This is SPOILERish, but it's the whole concept of the novel, so hard not to talk about when reviewing it. If you don't want to know too much about the concept, the main thing is this is a great novel--surprising, the protagonist learns stuff about herself and the world, there's romance, but it ends badly without ending badly, and someone in charge of preventing people breaking rules breaks rules. I've loved everything else I've read by Zevin, and this book kept the streak alive.
Scroll down for the rest of my review.
The concept is that when you die, you go to "Elsewhere" and being aging in reverse, until you're a baby again and get sent back to Earth to be reborn. You get reunited with your deceased loved ones, including your human or animal companions.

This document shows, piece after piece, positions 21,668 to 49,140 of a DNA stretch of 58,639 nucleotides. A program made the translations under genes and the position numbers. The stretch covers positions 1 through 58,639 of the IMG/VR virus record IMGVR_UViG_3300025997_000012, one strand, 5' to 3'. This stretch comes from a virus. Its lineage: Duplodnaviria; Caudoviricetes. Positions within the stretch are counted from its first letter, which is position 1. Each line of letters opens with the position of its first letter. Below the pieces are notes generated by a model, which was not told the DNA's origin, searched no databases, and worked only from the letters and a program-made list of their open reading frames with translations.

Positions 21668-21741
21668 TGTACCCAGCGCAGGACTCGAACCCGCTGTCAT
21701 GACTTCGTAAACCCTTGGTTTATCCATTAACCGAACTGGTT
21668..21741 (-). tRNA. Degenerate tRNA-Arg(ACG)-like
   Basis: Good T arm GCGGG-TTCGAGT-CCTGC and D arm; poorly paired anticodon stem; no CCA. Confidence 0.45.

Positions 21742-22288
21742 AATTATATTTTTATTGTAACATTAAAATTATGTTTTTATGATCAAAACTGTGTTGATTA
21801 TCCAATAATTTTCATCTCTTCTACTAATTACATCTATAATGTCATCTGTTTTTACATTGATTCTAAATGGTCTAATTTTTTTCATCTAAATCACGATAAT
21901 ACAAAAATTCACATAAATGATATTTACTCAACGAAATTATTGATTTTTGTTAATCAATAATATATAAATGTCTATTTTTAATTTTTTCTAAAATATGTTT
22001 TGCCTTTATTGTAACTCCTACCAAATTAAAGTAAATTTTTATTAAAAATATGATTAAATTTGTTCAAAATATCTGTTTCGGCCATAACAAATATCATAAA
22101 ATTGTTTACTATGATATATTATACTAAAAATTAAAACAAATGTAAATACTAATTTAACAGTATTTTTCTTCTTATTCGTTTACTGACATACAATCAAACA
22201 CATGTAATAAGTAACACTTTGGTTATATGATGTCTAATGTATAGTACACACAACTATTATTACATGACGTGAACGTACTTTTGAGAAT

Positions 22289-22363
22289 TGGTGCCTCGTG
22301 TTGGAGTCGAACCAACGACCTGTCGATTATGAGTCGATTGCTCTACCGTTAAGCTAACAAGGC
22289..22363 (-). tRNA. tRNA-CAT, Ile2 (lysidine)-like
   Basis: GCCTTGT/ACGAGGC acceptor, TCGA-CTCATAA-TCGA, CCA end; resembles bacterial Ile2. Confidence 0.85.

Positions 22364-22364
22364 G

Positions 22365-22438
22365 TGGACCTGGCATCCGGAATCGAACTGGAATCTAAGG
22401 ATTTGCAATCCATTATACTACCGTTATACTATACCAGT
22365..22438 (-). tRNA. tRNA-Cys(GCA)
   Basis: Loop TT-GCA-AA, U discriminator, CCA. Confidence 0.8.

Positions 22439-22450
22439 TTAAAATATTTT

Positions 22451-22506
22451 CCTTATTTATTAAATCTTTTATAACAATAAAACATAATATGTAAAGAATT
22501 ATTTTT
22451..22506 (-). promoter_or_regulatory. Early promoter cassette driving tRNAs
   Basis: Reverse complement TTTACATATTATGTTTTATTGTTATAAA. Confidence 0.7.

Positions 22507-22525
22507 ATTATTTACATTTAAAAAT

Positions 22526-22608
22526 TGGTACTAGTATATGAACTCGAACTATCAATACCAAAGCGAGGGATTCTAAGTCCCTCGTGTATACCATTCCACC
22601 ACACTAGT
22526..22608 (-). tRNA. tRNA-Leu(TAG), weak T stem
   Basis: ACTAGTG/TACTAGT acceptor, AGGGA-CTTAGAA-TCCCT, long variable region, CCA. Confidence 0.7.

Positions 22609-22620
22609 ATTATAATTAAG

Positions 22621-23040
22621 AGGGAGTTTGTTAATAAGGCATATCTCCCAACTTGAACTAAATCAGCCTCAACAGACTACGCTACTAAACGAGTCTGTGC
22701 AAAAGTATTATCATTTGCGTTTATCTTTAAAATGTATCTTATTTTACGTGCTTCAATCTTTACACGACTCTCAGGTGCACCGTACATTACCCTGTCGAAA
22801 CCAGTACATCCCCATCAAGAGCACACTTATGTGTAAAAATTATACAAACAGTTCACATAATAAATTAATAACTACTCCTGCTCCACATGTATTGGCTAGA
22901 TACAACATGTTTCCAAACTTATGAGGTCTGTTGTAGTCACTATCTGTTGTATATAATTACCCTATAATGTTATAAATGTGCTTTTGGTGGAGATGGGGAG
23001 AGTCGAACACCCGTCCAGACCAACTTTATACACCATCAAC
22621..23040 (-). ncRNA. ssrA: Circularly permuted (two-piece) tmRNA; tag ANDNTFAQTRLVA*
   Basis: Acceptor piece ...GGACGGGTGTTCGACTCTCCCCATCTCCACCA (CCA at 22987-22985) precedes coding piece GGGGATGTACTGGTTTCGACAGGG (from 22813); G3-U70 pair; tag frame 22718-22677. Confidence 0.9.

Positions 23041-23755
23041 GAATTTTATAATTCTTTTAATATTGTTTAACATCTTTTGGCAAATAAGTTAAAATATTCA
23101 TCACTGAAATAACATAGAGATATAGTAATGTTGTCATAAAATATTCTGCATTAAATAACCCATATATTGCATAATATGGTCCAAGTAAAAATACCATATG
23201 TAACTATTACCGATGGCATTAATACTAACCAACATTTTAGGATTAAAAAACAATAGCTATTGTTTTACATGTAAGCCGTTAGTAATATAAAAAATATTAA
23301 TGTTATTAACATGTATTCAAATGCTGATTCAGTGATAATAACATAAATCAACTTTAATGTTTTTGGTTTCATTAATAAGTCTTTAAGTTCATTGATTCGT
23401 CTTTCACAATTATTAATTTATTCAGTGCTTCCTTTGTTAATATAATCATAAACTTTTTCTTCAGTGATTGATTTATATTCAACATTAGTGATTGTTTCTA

Narrator Liz Hall is 15 when she gets killed in a bicycle vs. taxi hit and run. She's not a mature 15 when she is picked up at the pier by the maternal grandmother she never met in life. Grandma Betty, dead for 16 years, struggles to handle her unhappy teen, but Liz eventually finds some things to help her adjust to life after death.
Though light for the most part (for a book about someone dying young), there are moments of profundity.
As Liz is leaving, she reflects on her last words. If your last works are someone meant to encapsulate your existence, Liz finds *um* strangely appropriate. *Um* means nothing. *Um* is what you say while you're thinking of what you'll really say. *Um* suggests someone interrupted before they'd begun.